The term rising star is used often in the realm of sports, but for 18-year-old Kian Dennis the reference fits.
Having first played the game on the Sunshine Coast at age 11, he would soon decide on pursuing the sport as a career as he explained to The Pick and Roll.
“When I was in grade 9, I had decided to really get serious about it and I got a scholarship to Brisbane Boys College and started boarding school there,” Dennis outlined enthusiastically. “I made my first Queensland team around then, and just went from there and I realised what I wanted to do.”
Although he is still young, he is focused on taking every opportunity that comes his way.
“I am definitely an energy giver who likes to talk a lot on the court – which I feel are my biggest strengths,” added Dennis. “I think I am strong in the paint and athletic, so I like to get up to dunk and be ready to do whatever my coach needs me to do.”
It was this vocal leadership and his air-borne talents in finishing off highlight-reel dunks that really made Dennis a fan favourite at the recent FIBA 3×3 U18 Asia Cup. Dennis was the spark plug that helped lead Australia to bronze in the tournament that was held in Cyberjaya, Malaysia. He also took part in the Nike all-Asia Camp in China earlier this year, an event in which he was named the Most Outstanding Player.
— 3x3Hustle (@3x3Hustle) August 27, 2019
Dennis is hyper-competitive, and when he steps onto the court his inner beast is unleashed. Yet he is far more relaxed away from the hardwood, joking that he had a ‘Jekyll and Hyde’ personality.
“Yeah the on-court me is really angry and competitive, whereas off the court I am the more laid back laughing kid,” laughed Dennis. “On the court I am definitely louder.”
Combining his talent with hard work, the possibilities for Dennis are endless given his youth. Having been picked up by the Brisbane Bullets at the start of this year as a development player, he realises what the opportunity could mean for his career.
“It’s an amazing feeling and something you cannot really describe – a real once in a lifetime opportunity,” said Dennis. “But I know that if I didn’t do all the hard work when I was younger and put in everyday, I wouldn’t have gotten the opportunities I’ve been given.
“Although I know I have that first foot in the door, I know I have a lot to work on and hopefully one day be a full contracted player in the NBL and make the Boomers.”
The Bullets decision to take a chance on him and help build his career has only motivated Dennis even more. He is aware of the advantages that training with the squad adds.
“It’s perfect!” enthused Dennis. “Being able to guard guys like Jason Cadee and Nathan Sobey is really going to help me in the future. Doing that against representative players makes it a piece of cake when I have to guard players my own age.”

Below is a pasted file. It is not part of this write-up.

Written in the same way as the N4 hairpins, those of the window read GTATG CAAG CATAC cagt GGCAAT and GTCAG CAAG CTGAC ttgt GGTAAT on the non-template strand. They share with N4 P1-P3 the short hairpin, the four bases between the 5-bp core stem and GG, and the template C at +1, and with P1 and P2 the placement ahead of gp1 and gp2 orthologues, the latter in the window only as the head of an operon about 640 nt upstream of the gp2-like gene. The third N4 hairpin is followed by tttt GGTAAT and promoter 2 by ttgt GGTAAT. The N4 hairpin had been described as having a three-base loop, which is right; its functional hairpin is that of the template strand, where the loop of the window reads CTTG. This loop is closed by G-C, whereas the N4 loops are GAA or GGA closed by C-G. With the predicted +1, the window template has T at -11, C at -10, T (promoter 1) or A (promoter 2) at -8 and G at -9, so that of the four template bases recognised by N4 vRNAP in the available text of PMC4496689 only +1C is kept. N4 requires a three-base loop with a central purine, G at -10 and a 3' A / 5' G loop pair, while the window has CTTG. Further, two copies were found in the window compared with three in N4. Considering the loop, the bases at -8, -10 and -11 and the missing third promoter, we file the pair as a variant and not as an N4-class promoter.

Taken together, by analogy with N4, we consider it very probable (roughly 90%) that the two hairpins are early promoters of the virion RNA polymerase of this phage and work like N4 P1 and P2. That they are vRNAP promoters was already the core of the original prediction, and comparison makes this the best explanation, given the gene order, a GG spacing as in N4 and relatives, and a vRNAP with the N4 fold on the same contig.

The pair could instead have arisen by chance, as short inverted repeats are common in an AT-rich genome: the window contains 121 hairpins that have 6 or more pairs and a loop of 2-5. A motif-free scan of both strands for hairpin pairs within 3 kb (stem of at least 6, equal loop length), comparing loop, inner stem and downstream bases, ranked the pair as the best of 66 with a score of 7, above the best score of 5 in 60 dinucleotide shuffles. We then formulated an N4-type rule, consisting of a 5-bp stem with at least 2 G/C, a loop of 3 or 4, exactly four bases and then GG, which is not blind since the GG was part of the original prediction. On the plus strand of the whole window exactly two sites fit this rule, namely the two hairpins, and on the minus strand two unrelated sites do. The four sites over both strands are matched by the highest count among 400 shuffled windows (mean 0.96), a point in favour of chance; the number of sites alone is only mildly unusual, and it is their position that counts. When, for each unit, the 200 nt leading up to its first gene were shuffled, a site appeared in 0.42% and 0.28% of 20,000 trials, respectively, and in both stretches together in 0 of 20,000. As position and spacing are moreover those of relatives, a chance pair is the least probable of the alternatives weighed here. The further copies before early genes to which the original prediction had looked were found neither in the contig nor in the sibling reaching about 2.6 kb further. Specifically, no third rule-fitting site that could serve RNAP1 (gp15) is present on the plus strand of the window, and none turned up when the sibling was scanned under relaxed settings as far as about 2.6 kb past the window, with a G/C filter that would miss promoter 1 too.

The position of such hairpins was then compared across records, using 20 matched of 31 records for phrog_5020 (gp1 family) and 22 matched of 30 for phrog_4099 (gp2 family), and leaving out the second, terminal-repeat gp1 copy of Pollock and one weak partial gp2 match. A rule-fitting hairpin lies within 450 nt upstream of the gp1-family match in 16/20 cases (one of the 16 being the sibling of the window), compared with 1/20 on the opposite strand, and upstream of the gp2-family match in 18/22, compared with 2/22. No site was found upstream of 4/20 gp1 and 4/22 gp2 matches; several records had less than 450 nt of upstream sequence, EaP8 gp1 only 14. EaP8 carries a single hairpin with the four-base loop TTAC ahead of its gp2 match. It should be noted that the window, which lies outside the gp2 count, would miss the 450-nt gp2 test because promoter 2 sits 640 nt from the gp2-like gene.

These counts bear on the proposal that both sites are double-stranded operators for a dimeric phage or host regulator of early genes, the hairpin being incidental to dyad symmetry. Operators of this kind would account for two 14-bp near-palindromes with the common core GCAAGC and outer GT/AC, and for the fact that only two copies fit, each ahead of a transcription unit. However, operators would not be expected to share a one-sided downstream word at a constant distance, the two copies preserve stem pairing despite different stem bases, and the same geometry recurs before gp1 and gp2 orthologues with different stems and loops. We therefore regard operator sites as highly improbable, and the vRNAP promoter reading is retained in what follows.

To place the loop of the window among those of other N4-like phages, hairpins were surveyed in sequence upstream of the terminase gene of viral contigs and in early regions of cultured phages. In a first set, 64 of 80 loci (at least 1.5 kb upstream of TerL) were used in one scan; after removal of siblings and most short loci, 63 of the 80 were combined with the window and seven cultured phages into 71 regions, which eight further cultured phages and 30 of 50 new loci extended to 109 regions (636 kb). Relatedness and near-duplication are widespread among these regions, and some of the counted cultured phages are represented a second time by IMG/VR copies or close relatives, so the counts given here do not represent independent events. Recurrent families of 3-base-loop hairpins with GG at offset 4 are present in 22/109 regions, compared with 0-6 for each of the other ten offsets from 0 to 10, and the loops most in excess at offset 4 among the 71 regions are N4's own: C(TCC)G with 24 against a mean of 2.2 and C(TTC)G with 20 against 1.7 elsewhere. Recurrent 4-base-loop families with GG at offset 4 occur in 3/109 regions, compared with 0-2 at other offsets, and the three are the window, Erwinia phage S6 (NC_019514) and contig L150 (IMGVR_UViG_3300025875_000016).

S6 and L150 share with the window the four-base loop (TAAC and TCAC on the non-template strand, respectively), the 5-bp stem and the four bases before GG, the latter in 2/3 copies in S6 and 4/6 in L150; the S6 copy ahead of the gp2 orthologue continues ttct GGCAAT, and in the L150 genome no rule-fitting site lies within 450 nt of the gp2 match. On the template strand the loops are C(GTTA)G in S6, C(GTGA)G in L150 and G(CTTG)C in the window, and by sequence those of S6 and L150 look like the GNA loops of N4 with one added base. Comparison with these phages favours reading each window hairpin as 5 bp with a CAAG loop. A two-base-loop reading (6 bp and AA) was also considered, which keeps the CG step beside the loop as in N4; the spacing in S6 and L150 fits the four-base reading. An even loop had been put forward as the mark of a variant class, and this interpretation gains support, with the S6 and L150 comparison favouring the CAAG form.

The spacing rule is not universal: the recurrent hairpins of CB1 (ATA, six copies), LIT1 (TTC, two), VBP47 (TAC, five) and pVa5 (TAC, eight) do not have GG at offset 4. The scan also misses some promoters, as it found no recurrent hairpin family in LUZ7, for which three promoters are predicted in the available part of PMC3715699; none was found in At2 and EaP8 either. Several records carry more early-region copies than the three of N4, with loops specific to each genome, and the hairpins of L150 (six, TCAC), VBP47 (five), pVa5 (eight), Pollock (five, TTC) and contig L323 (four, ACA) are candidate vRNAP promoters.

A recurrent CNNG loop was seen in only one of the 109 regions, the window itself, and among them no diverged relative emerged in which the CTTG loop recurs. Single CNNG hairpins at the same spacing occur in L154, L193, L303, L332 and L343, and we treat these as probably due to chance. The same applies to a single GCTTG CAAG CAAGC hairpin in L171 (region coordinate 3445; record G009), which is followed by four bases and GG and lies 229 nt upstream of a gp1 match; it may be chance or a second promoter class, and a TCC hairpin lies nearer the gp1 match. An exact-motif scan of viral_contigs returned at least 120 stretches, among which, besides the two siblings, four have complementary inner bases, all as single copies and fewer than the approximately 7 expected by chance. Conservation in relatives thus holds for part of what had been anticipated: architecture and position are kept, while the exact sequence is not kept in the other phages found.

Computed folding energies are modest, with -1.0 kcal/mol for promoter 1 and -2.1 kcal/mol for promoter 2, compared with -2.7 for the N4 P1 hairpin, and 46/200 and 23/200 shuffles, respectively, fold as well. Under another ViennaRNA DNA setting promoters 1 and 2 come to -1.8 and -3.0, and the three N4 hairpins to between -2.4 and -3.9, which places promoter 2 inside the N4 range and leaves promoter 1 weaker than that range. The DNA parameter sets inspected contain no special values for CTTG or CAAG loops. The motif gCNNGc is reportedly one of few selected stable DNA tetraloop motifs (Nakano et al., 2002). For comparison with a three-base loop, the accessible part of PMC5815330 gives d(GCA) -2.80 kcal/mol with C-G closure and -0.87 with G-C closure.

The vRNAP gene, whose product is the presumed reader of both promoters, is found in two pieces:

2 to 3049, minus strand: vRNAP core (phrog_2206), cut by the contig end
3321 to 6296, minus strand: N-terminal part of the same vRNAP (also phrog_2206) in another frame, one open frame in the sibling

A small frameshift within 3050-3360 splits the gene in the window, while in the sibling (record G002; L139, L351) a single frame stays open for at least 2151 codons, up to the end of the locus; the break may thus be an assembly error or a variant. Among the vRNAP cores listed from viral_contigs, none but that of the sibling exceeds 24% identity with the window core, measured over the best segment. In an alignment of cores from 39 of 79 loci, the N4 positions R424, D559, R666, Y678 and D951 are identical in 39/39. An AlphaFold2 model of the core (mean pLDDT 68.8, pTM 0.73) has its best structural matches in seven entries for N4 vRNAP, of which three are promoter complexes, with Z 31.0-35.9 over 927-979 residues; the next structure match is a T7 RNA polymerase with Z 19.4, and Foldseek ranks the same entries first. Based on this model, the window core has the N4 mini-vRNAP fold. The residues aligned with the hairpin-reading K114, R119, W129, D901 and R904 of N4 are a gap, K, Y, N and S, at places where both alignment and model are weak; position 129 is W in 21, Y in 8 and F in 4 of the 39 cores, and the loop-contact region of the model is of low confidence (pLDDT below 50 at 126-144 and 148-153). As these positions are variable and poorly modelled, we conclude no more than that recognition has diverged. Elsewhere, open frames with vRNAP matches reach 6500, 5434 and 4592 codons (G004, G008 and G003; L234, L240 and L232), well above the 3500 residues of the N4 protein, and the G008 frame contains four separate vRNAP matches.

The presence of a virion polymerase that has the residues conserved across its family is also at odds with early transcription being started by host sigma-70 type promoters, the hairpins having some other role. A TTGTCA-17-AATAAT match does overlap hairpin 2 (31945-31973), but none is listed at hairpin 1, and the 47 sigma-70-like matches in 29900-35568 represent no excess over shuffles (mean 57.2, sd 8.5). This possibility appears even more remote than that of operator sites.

He also takes great pride in the opportunity to train alongside somebody he has also looked up to and crafted his game off.
“It’s actually pretty funny playing with Nathan Sobey because last year I did review on him and tried to base my game off Sobes,” bubbled Dennis. “I like to base my game more towards a guard’s perspective because even though I am a little taller than most guards, I like to have the advantage by training and learning in that way.”
While running with this opportunity he still is ready to continue to take on representative squad duties which make up the foundation of his short term goals. He went on to explain that he was not ready to settle for second best, an attribute which will take him far throughout his career.
“I have under 20’s state trials coming up so I want to make that squad and go to the national championships in Canberra early next year, and hopefully win gold there,” he added. “For me personally I want to be named MVP during that tournament.”
Not lacking confidence, Dennis would go on to explain that he would not be where he is today if it were not for some guidance from some of his coaches.
“My coach from BBC [Brisbane Boy’s College], Mike Ayanbadejo, he really taught me how to play and understand the game,” said Dennis. “The other coach that really helped me out was from the AIS, Adam Caporn. He is the only reason why I am an elite level player. He pushed me and helped me more than anybody else I can think of.”
With eyes on the future and proud of what he has achieved so far, Dennis wanted to share some advice for other young players looking to make it big on the hardwood.
“Put in the work when you’re younger every day,” shared Dennis. “If you get cut or don’t make a team, you just have to push through the adversity and want it even more the next time.”
It is this work ethic paired with growing talent that will ensure that Kian Dennis will be able to make an impact in the NBL at some stage in the hear future.